The five candidates seeking a seat on the Richland 1 school board were divided Thursday over proposed state legislation that would require third-graders reading below grade level to be held back for a year of reading-intensive instruction.
“If you fail them in the third grade, by the time they are in the 12th grade, they won’t want to graduate,” said Deborah Belton, a church bishop who had held teaching and administration positions in Richland 1. “I do have a problem with retaining children for one element.”
The Read to Succeed legislation proposed by Sen. Harvey Peeler, R-Cherokee, was among a number of topics the five candidates discussed during an evening forum sponsored by the League of Women Voters. The candidates face off in a June 4 special election in hopes of succeeding the late Barbara Scott, a longtime Richland County school board member and clerk of court who died in March.
The reading legislation is aimed at targeting about 3,000 South Carolina children who are struggling to read at grade level. They would be held back only if they could not catch up with their classmates after an intensive summer camp.
Pamela Adams, a social studies and history teacher at Hand Middle School, supports the legislation modeled after a successful Florida reading program. She noted that South Carolina officials are in serious talks with Florida about the elements of the program that could succeed here.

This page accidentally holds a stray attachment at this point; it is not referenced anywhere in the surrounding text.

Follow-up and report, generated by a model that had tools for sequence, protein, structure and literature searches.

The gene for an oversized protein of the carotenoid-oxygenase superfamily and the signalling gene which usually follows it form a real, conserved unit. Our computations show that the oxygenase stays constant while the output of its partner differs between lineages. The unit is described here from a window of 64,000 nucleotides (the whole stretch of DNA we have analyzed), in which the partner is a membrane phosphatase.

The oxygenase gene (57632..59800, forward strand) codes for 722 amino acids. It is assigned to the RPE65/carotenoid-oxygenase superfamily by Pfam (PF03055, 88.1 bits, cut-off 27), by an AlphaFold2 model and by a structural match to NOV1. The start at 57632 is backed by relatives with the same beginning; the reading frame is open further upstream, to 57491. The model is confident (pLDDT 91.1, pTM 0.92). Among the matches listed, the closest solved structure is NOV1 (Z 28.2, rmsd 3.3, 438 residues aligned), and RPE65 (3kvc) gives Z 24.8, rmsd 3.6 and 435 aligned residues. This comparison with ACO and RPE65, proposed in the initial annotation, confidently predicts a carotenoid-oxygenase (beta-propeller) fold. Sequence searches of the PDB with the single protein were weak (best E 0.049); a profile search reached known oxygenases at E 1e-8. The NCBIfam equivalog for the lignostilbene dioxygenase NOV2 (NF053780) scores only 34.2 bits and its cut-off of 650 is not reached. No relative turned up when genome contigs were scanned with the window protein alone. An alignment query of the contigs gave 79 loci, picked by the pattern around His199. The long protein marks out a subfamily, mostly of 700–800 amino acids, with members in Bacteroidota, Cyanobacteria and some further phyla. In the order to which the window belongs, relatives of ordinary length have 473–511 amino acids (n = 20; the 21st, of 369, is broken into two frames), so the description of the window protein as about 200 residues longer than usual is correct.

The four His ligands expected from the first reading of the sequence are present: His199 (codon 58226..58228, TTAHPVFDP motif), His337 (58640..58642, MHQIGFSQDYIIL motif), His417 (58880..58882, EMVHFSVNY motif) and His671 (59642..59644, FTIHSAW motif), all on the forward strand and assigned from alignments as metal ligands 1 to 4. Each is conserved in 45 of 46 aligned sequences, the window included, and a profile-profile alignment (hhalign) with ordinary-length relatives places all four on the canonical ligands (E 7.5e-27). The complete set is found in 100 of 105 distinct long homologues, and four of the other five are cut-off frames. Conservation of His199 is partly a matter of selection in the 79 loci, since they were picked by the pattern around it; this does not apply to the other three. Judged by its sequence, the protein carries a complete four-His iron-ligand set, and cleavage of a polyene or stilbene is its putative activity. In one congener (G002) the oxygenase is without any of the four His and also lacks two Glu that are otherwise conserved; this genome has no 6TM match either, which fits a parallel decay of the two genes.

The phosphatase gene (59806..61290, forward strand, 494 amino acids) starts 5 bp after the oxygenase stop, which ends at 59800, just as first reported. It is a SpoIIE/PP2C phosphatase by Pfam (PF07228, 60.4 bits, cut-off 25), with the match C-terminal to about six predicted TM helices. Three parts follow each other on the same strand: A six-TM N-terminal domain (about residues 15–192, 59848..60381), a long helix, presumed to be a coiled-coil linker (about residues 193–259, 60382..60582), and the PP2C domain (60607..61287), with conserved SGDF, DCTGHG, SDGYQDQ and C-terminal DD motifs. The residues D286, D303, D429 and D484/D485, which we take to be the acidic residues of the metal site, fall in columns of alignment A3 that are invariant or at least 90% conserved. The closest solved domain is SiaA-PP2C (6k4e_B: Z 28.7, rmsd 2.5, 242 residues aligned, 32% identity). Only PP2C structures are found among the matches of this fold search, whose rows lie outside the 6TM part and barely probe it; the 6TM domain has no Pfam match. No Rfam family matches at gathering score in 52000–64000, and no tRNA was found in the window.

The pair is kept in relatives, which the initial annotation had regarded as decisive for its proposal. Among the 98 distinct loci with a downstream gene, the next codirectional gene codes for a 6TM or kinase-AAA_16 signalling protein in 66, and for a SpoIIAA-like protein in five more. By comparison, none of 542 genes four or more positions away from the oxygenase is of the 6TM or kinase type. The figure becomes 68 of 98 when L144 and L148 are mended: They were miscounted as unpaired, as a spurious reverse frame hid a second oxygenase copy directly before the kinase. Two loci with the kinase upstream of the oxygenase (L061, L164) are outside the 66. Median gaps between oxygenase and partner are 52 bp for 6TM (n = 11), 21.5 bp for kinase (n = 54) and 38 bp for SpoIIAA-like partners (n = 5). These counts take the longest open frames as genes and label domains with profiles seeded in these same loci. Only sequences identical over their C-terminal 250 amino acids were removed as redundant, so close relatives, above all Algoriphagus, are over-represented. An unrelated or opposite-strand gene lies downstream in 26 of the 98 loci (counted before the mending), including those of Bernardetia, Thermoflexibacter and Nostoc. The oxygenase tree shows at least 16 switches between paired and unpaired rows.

But Doretha Bull and Karen W. Wilson said they preferred a greater emphasis on early childhood education. “Why wait until third grade?” asked Bull, a retired social worker.
Wilson, a former paralegal, advocated a push for expansion of K-4 classes, which is also on the legislative agenda. Reginald Sims, a 20-year veteran of Richland 1 working with special education children in specialized and after-school programs, worried that any reading policy still fails to get at the real dilemma of parents failing to read to their children at home.
“A lot of parents are not spending time with their kids,” Sims said.
Sims, a strong advocate for improving salaries of teachers and classified workers, said he would not endorse pay-for-performance but backed implementation of a school uniform policy. “We are not there to make a fashion statement,” he said.
Bull and Belton agreed, but Wilson said she believed children need to be able to have some self-expression through their clothing. Adams, whose two school-age children attend Meadowfield Elementary and wear school uniforms, said it works at her school but doubts that it would work at all schools.
The candidates expressed some skepticism about public charter schools and were divided about expanding magnet and school choice programs that have succeeded in neighboring Richland 2, although Adams ruminated that it could help Richland 1 become more “progressive and competitive.”
“That’s a double-edged sword,” Wilson said of expansion of selective programs at individual schools. “You have to be sure everyone is not picking the same school.”
“What is going to happen to the schools that no one chooses?” Bull asked.
About 30 people came out to the forum at Benedict College’s newly dedicated Milton Kimpson Center for Graduate Studies and Continuing Education. It was moderated by radio host and retired educator Harvey Elwood Jr., who noted there are about 128,800 voters eligible to cast ballots in the June 4 election.